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Does the sentence: "I am positive." mean "I am sure 100 percent"?

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    Can it mean that? Sure, I am positive that it can. Will it always mean that? Heck, no. Conceivably, some schoolchildren could be putting on a play about the safe way to jump start an automobile, and one kid might have a line like: "I am positive. Put the red cable on me." I don't want to be negative (after all, I try to be a pretty positive person), but I'm pretty sure it can mean a lot of different things.
    – J.R.
    Jan 6 '15 at 16:02
  • Ha! True, J.R., but I think that in the example you mention, the schoolchild is 100% sure that their idea will work. They are sorely mistaken, of course, but their confidence is high.
    – michelle
    Jan 6 '15 at 16:37
  • It can also be used in a medical/pharmaceutical context: he tested positive for Hepatitis B. Jan 6 '15 at 18:02
  • I did not understand you well @J.R. Did you all mean that in informal English "I'm positive" can imply "I'm sure 100 percent"?
    – A-friend
    Jan 6 '15 at 18:04
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    Aw, come on guys. People posting questions presumably are having trouble with their English. Making puns isn't going to help. If you're going to make a joke answer, I think you should at least indicate that it's a joke so the questioner is not confused.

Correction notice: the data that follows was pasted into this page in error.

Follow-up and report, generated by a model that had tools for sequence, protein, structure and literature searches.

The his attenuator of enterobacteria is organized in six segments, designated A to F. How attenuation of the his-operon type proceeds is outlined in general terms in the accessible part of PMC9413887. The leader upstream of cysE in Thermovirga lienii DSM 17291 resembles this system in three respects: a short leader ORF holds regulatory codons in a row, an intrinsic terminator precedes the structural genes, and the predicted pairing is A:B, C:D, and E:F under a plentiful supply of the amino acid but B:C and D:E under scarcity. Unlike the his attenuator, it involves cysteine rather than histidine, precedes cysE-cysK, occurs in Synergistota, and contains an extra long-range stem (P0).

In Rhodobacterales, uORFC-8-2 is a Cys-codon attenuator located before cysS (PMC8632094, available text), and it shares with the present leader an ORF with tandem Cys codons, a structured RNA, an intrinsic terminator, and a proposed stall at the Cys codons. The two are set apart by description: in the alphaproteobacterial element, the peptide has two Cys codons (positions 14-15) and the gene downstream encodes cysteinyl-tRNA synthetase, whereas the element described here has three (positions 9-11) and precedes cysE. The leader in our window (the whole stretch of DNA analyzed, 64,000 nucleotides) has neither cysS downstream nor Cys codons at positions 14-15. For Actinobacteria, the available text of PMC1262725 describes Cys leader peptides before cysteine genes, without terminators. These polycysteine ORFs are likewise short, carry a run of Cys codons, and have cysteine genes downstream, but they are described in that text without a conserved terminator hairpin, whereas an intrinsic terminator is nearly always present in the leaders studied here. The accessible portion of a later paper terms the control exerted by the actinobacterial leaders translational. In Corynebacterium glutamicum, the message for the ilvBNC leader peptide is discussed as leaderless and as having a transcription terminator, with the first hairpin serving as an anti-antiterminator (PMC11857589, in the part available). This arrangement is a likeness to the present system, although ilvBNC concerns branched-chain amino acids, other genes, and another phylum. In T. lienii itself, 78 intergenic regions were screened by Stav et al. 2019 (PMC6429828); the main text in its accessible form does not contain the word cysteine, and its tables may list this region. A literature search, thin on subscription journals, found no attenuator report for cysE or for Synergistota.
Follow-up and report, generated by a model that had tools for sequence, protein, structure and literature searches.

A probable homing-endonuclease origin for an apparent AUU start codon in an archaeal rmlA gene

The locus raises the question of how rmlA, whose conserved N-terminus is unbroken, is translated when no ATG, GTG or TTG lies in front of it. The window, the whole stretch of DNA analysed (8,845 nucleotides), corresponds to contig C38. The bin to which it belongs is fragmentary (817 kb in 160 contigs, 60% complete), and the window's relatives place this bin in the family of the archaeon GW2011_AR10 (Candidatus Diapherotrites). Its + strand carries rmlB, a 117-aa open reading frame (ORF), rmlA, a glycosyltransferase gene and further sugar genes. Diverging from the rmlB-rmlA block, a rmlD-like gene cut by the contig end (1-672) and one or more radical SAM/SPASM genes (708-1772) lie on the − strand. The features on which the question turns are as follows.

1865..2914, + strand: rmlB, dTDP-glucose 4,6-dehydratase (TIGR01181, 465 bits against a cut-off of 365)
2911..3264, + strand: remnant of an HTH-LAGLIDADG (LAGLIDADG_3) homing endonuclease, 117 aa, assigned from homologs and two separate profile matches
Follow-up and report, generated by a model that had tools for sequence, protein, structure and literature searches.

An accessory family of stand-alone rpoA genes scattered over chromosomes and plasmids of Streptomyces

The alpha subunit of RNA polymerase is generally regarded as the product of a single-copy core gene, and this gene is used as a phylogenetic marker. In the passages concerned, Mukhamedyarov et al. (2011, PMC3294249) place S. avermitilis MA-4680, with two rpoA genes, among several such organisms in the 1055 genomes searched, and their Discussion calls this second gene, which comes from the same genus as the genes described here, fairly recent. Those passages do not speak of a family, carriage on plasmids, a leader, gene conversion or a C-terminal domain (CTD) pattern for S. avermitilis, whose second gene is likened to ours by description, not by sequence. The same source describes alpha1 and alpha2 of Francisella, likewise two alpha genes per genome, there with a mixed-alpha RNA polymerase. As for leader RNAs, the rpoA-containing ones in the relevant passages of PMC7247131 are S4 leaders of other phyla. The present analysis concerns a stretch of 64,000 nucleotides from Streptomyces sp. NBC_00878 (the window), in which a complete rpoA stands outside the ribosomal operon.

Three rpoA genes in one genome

– Jay
    Jan 6 '15 at 18:18
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Basically, yes. We could quibble whether someone might say "I am positive" when they are only 95% certain or 90% certain. But it indicates a very high degree of confidence, 100% or nearly so.

As some of the commenters have said, yes, "positive" has other definitions besides expressing certainty. It can refer to electrical charge, as in, "the positive terminal of the battery". It can also mean that the outcome of a test or experiment was "yes", as in, "The results of his hepatitis test were positive" or "He showed positive for the ebola virus." It can also mean "good" or "promising", as in, "We tried using an aluminum alloy and got some very positive results."

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  • Thank you very much Jay for the concern and your good intention. I knew all the other usages excepting this one. Nevertheless, thank you again. It was really helpful. :)
    – A-friend
    Jan 7 '15 at 8:35
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Don't get into the subtlety of 'percentages'. They always confuse us especially when we talk about human behavior and not figures.

But yes, when you say, "I am positive", you are pretty sure about something. At least WordWebOnline and OALD agree with you! :)

positive (#2) - very sure

And...

positive (of a person) - Under the title Sure, Definite

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I agree with Jay's answer.

"I am positive" also implies that the speaker (probably) has "positive knowledge" that <something> is true. In other words, the speaker has either seen <something> themselves, or heard about it from a very reliable source. The speaker is not just guessing that something is true because some other possibilities they can think of are not true. The speaker is not just passing along "an urban legend".

I included the "(probably)" weasel word because some people do not understand the concept of "positive knowledge".

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